A verb, from the Latin verbum meaning word, is a word (part of speech) that in syntax conveys an action (bring, read, walk, run, learn), or a state of being (be, exist, stand). In the usual description of English, the basic form, with or without the particle to, is the infinitive. In many languages, verbs are inflected (modified in form) to encode tense, aspect, mood and voice. A verb may also agree with the person, gender, and/or number of some of its arguments, such as its subject, or object.
- (Abbr.V or vb.)
- The part of speech that expresses existence, action, or occurrence in most languages.
- Any of the words belonging to this part of speech, as be, run, or conceive.
- A phrase or other construction used as a verb.
Verbs describe (i) an action, (ii) a state or (iii) an occurrence:-
- As an action word, it is something that you do, like walk or play or eat.
- As a state of being: “My name is John. I am 20 years old. I am Caucasian and my girlfriend looks gorgeous! And she has a heart of gold!”
- As an occurrence/happening: “The snow glistened on the trees tops.”
1. ACTION VERBS are something that someone or something is doing, such as run, talk, play, go, cook, speak, etc.
For example, in the phrase: “He is running”, the two words ‘is running‘ is the present continuous form of the verb ‘to run’.
Here are a few more examples:
- They slept late that day.
- It slid off the shelf.
- Safa played with her toys.
- She screamed as loudly as she could.
2. ‘STATE’ VERBS
- Ice is cold. Puppies need a lot of care and attention. Bananas are yellow. Some people prefer winter to summer. Does life exist on other planets? Do you know what I mean?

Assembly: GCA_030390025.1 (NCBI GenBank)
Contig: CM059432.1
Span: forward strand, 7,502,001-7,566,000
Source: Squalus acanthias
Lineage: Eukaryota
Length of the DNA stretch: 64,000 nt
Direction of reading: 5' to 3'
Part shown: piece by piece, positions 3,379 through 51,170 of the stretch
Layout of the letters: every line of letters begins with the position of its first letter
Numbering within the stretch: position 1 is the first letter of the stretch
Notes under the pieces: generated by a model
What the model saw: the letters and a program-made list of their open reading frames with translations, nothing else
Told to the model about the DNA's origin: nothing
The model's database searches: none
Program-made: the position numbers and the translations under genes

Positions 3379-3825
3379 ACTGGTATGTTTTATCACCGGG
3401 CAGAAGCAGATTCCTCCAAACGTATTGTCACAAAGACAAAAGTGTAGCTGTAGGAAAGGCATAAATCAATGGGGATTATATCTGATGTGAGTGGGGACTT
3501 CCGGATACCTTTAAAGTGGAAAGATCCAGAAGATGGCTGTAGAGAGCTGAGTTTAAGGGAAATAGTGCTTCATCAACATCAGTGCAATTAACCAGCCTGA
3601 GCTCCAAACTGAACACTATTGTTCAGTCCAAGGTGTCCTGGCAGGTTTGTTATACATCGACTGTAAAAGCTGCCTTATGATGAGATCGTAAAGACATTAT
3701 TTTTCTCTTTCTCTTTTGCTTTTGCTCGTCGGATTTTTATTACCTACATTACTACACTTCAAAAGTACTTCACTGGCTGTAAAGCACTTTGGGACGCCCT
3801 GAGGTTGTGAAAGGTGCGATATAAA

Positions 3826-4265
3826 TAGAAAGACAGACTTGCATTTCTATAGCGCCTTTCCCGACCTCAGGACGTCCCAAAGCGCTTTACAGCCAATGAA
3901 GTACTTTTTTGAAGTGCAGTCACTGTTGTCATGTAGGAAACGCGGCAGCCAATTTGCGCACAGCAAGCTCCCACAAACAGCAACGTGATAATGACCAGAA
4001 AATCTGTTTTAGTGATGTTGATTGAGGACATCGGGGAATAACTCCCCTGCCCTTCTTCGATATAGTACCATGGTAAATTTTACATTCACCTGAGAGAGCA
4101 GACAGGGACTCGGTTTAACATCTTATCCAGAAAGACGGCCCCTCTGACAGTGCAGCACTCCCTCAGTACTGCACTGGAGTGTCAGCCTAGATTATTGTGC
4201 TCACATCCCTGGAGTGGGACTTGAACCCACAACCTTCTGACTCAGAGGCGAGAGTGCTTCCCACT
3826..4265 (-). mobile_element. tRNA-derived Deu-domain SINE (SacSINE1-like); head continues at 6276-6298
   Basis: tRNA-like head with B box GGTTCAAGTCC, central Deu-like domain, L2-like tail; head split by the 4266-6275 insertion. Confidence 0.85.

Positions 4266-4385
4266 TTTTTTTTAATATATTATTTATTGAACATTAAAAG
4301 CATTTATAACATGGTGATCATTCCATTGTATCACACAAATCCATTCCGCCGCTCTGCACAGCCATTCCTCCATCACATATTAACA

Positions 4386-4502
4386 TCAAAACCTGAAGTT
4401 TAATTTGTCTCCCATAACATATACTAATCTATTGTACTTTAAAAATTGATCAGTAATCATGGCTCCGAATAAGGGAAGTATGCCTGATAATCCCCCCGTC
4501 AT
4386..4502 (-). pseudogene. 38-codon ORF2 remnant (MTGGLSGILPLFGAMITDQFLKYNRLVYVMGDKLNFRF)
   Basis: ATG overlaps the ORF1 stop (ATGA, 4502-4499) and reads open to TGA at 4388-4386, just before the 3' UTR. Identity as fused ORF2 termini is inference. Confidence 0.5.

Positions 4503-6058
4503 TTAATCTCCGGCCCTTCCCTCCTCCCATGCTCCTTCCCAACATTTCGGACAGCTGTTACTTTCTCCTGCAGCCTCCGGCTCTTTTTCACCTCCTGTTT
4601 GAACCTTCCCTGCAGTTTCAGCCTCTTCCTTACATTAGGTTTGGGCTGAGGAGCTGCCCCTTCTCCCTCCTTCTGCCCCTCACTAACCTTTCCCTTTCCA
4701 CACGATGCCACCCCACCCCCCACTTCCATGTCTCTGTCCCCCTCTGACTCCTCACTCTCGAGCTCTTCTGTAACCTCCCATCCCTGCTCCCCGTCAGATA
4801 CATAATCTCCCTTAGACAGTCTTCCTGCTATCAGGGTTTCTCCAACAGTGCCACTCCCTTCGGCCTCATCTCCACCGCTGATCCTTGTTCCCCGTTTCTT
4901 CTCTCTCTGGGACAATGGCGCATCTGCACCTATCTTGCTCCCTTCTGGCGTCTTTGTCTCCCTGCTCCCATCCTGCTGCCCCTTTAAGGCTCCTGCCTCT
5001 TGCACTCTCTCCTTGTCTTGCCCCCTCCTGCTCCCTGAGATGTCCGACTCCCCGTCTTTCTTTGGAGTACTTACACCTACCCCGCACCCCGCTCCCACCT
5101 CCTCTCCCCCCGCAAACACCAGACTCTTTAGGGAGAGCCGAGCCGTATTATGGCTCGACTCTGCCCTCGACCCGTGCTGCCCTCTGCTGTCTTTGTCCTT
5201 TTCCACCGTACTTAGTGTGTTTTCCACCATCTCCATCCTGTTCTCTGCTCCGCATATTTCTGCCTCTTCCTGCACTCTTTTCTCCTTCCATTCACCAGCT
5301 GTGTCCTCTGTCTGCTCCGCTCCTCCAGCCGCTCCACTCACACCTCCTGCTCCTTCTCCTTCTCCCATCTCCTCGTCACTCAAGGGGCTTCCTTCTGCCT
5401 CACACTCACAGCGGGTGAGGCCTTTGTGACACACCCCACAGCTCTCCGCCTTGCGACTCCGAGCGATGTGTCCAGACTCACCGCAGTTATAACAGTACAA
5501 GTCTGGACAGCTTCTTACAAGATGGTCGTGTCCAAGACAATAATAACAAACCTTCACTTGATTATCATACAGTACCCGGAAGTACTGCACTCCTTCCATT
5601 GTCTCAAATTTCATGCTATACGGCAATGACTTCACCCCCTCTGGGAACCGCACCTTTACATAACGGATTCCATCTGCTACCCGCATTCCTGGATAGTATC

3. ‘OCCURRENCE’ VERBS
- The centenary of Florence Nightingale’s death fell on Monday 10th May, 2010.
- William becomes six on Tuesday.
- A completely happy day? It happens, sometimes!
REGULAR AND IRREGULAR VERBS
With regular verbs, the past and perfect forms end with ‘~ed’, e.g. talk/talked.
Irregular verbs do not end their past and perfect forms with ‘~ed’. They change quite differently e.g. speak/spoke/spoken, sing/sang/sung.
AUXILIARY VERBS are words that “help” the verb. e.g.
- In the sentence “I will run”, ‘will’ is the helping verb, making it into a future form of the verb to run.
- In the sentence “I have run”, ‘have’ is the helping verb, changing the main verb ‘run‘ into it’s present perfect form.
The verbs to be, to have and to do are used as auxiliary verbs. Their present, past, singular and plural forms all being used as appropriate.
MODAL AUXILIARY VERBS: can, could, may, might, would, shall, should, must, ought to.
- I must visit my grandmother.
- You ought to do more exercise.
- Ben can ride a bike.
- My Uncle might come on Sunday.
- I could help you with your homework, but I don’t know if I should (help you with your homework.)
Note that Modal Auxiliary Verbs have no infinitives.